Charlotte/Douglas Airport Valet Parking Deck
Charlotte, NC United States | 2009
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The new Louis Armstrong International Airport presents an innovative and functional approach to air travel that reflects the vibrant culture of New Orleans while keeping in mind the traveling public is less tolerable than ever of any delay that keeps them from their destinations. Airports especially are held to the highest standards of promptness ensuring people and freight flow smoothly. Corrosion protection offered by hot-dip galvanizing (HDG) plays a critical role in facilitating the New Orleans International Airport to operate efficiently for Crescent City travelers.
The Airport Council International, a global industry trade group, estimates US airports will need $128 billion in upgrades by 2023. No doubt the New Orleans International Airport will showcase the use of HDG duplex coatings and will have a great impact on the transportation market
The buildings form evokes the geography of the Delta region and the soft curves of the Mississippi River. Symmetrical in plan, the building forms a gentle arc on three sides using arches and columns and glass facades to allow views of the airfield and to compliment the local environment. The design freedom of steel enabled specifiers to bring their idea of the river crest to reality and using hot-dip galvanizing and paint in a duplex system will protect their design for generations.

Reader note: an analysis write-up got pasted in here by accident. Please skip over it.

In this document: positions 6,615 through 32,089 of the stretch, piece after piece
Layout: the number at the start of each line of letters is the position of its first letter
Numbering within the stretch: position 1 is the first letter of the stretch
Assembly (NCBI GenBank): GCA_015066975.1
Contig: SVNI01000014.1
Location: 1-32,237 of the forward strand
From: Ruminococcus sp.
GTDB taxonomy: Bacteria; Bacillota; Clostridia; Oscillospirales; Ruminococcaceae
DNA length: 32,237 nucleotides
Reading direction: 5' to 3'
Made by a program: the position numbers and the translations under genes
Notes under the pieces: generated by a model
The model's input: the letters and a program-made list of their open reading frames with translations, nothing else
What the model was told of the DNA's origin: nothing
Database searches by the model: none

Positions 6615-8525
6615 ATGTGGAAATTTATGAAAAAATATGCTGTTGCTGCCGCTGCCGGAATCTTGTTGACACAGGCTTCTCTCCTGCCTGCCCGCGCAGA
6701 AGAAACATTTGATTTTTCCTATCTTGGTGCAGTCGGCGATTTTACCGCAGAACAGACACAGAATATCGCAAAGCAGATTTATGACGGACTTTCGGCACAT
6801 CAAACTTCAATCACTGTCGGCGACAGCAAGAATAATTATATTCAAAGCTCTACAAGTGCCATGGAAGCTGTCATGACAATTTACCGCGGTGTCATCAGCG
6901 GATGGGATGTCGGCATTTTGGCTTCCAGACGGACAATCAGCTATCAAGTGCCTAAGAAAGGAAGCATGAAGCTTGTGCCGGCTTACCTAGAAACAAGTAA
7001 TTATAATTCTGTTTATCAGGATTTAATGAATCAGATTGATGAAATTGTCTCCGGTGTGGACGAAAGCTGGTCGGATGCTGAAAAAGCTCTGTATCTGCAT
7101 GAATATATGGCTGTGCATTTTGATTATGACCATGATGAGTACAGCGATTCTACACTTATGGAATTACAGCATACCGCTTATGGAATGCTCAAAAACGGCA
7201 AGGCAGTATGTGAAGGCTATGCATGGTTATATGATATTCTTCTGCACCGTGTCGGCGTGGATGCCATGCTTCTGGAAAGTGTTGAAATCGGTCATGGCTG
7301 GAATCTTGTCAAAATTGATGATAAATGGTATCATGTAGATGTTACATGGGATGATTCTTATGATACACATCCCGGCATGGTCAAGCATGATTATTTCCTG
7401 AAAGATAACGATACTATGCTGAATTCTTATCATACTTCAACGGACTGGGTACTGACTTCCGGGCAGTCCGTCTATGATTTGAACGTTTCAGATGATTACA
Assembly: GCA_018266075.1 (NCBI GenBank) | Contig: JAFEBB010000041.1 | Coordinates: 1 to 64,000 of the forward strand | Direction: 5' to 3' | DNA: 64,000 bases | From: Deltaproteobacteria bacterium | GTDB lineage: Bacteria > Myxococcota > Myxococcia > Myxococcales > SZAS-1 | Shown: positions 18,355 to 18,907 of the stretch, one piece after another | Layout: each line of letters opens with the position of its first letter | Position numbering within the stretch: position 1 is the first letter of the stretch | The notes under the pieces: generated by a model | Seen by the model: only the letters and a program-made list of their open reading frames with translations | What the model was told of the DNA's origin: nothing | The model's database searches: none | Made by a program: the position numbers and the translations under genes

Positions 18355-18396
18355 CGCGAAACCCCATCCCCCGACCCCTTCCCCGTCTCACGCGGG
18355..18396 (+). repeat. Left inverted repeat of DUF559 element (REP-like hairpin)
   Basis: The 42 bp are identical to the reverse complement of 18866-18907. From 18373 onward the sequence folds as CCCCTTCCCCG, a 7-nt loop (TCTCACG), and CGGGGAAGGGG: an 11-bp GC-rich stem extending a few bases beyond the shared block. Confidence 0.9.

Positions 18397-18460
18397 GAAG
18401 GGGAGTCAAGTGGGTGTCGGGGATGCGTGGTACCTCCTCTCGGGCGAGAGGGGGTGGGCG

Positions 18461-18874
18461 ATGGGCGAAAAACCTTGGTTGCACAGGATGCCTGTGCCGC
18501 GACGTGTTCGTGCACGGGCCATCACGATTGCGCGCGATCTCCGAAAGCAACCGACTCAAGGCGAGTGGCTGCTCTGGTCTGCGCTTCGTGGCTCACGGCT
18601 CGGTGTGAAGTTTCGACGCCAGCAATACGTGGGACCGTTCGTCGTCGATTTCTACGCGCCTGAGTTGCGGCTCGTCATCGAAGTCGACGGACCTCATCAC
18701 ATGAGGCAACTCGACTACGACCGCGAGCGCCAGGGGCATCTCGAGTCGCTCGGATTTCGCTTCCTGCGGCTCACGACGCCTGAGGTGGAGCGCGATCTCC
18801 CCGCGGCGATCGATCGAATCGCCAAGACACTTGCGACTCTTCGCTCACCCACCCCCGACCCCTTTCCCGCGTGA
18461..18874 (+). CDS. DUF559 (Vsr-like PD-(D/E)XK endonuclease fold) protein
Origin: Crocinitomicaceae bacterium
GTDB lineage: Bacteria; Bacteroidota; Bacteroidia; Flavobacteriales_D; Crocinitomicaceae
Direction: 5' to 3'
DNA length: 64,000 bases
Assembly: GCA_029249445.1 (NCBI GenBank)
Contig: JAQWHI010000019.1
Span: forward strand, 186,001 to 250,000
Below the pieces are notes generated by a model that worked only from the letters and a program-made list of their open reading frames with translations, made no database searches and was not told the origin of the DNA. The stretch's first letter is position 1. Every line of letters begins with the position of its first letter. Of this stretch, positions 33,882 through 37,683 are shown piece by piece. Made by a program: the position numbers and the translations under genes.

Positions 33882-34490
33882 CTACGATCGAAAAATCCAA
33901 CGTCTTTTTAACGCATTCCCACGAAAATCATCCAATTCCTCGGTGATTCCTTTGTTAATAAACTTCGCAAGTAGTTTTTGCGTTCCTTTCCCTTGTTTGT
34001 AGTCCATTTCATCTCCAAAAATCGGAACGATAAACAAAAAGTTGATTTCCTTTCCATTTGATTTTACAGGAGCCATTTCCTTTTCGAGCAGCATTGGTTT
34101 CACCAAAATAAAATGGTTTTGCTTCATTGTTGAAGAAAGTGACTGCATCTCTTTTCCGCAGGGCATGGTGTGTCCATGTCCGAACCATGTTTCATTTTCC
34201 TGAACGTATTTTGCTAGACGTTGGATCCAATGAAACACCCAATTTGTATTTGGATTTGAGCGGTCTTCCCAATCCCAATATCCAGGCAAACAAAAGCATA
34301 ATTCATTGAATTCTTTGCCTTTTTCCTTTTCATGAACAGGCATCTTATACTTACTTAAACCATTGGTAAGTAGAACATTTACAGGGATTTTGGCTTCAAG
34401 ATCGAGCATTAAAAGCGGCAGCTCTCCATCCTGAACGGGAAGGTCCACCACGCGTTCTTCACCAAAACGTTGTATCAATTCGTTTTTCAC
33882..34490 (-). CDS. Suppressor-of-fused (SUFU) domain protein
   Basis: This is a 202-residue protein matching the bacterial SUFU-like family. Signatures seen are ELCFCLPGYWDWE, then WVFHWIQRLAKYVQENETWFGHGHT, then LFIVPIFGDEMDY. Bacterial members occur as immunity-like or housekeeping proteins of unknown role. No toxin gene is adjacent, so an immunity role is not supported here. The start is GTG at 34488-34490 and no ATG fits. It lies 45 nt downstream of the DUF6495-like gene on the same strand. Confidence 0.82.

The two state-of-the-art terminals feature 45 food, beverage and retail vendors as well as more than 100 ticket counters. The airport serves more than five million passengers a year through its 35 gates using HDG stairs and handrails to access lower levels. Visitors and passengers arriving at the airport will be welcomed by the aesthetically pleasing white canopies, supported by duplex coated tubular frames. The traffic is directed by galvanized bollards and handrails, eliminating congestion for passenger pick up or drop off. The consolidated security checkpoint funnels passengers into one football-sized area making operation more streamlined and efficient.
The designers chose hot-dip galvanizing because of its sustainability and ability to meet the requirement of a 50-year life with a low maintenance cost. Maintenance activity on the tarmac could cause unwanted delays or security concerns that interfere with airport operations. The opportunity for corrosion is great considering the humid environment of the Mississippi River and the harshness of everyday airport traffic.
The sustainable design using hot-dip galvanized steel addresses the economic as well as cultural factors that will make the airport project successful well into the future. The project engineer, who is a LEED® professional DBE, remarked his previous galvanizing experiences have always been more than acceptable and how easy and convenient ASTM A123 was to specify. He also noted the initial cost of hot-dip galvanizing was more economical than the high-performance coatings available to the steel industry today. Hot-dip galvanizing provided the necessary protection for the abrasiveness of the daya-to-day airport operations and the superior life-cycle cost made HDG the right coating, at the right time for the right environment.
Kenner, LA United States
Aesthetics, Coating Durability, Ease of Specifying, Life-Cycle Cost, Prior HDG Experience, Sustainability
Structural columns, canopy tubular framing, handrails, bollards
New Orleans Iron Works, L.L.C.
City of New Orleans
Charlotte, NC United States | 2014
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